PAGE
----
Big Jim: Jim Larkin and the 1913 Lockout GN – Rory McConville

1 out of 5

I gave a presentation back in my high school days on the history of comics. This was pre-everything’s on the web days, so I was doing library research, but that’s not much of an excuse for the shit job I did: I read Turtles comics and Spider-Man, and I knew who Will Eisner was, and I’m pretty sure I left out everything inbetween. But even with the pithy amount of stuff I presented, it wasn’t convincing: I was just listing a series of events, and not really giving causal links between anything.

Rory McConville’s historical graphic novel concerning Jim Larkin – Big Jim – and the labor strikes of 1913 in Ireland, is not pithy with its info, but it unfortunately does remind me of my presentation in that it’s just a list of things: of this happening, and this happening, and this happening. We’re not given any sense of who Larkin was beyond soundbytes, and while the back of the book tells me that the contents depict a major moment in Irish history, I have no ties to that (McConville is Irish; I’m a sheltered American dude), and I can’t tell you much about its importance after reading the thing. Worse, Larkin presumably is supposed to come across as an important figure, but he comes across as something of a dullard, and the money-grubbing employers stamping down on the unions, while maybe not out for the greater good, are similarly bland. Lacking the aforementioned sense of cause and effect, McConville’s pacing of events is also not very involving: we move from one side to another and from character to character without much reasons; again, it is just a list of things that happened – hitting on required points.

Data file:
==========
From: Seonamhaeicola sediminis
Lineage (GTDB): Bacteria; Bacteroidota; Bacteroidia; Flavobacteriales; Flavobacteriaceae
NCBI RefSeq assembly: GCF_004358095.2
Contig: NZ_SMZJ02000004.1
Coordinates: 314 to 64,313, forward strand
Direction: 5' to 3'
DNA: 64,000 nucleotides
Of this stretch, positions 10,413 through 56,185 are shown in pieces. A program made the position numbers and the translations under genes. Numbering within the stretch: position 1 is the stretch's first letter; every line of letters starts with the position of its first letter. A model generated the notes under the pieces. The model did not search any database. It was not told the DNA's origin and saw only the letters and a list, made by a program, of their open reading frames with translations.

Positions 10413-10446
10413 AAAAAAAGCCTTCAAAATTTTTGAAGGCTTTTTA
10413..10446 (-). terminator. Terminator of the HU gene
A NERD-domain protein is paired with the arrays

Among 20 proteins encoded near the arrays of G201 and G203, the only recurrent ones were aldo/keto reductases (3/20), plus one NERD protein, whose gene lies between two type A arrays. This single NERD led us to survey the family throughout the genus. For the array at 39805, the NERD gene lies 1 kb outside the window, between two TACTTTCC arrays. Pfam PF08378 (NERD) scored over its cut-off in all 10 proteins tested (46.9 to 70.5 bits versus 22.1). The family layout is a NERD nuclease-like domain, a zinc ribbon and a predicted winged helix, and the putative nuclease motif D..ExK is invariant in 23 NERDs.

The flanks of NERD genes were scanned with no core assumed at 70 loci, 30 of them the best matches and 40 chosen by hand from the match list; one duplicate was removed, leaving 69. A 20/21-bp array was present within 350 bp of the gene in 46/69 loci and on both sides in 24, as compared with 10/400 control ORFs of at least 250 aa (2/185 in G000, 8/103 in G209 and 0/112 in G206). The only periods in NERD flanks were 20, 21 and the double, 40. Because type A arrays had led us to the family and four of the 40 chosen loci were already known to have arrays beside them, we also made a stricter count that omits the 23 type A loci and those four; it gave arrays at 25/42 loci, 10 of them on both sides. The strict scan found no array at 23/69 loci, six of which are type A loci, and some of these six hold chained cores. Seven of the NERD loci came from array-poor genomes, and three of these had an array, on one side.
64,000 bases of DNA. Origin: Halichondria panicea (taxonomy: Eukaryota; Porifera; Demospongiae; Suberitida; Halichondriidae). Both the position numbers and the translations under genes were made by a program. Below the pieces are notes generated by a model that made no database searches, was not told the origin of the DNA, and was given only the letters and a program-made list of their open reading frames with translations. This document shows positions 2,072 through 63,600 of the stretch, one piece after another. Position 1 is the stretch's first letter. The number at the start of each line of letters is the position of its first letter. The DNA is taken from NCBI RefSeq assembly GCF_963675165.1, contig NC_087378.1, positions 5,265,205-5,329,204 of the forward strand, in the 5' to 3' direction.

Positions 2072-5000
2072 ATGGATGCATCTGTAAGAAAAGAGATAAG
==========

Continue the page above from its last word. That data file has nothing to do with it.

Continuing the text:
On the art front, Paddy Lynch was likely not a good match for this. While it’s not fair to necessarily call art “bad,” a story that has a larger cast, dressed in often similar garb, and due to the lack of flow, would likely benefit from being able to understand the context of a panel at a glance – identify the characters, recognize a location – Lynch’s loose, sloppy style does not provide that type of detail or solidity. It’s hard to figure out if we’re looking at the same person from page to page, and the occasional use of photo material as backgrounds also does not sync well with Lynch’s look. I mention the quality of the art above because it’s relative: this could work in a more DIY-style indie tale, but a historical recitation of facts is a very odd match.

While surely well-intentioned, Big Jim rather fails as a piece of edutainment, but also as a source of information, especially for those of us unfamiliar with the history that’s intended to be covered.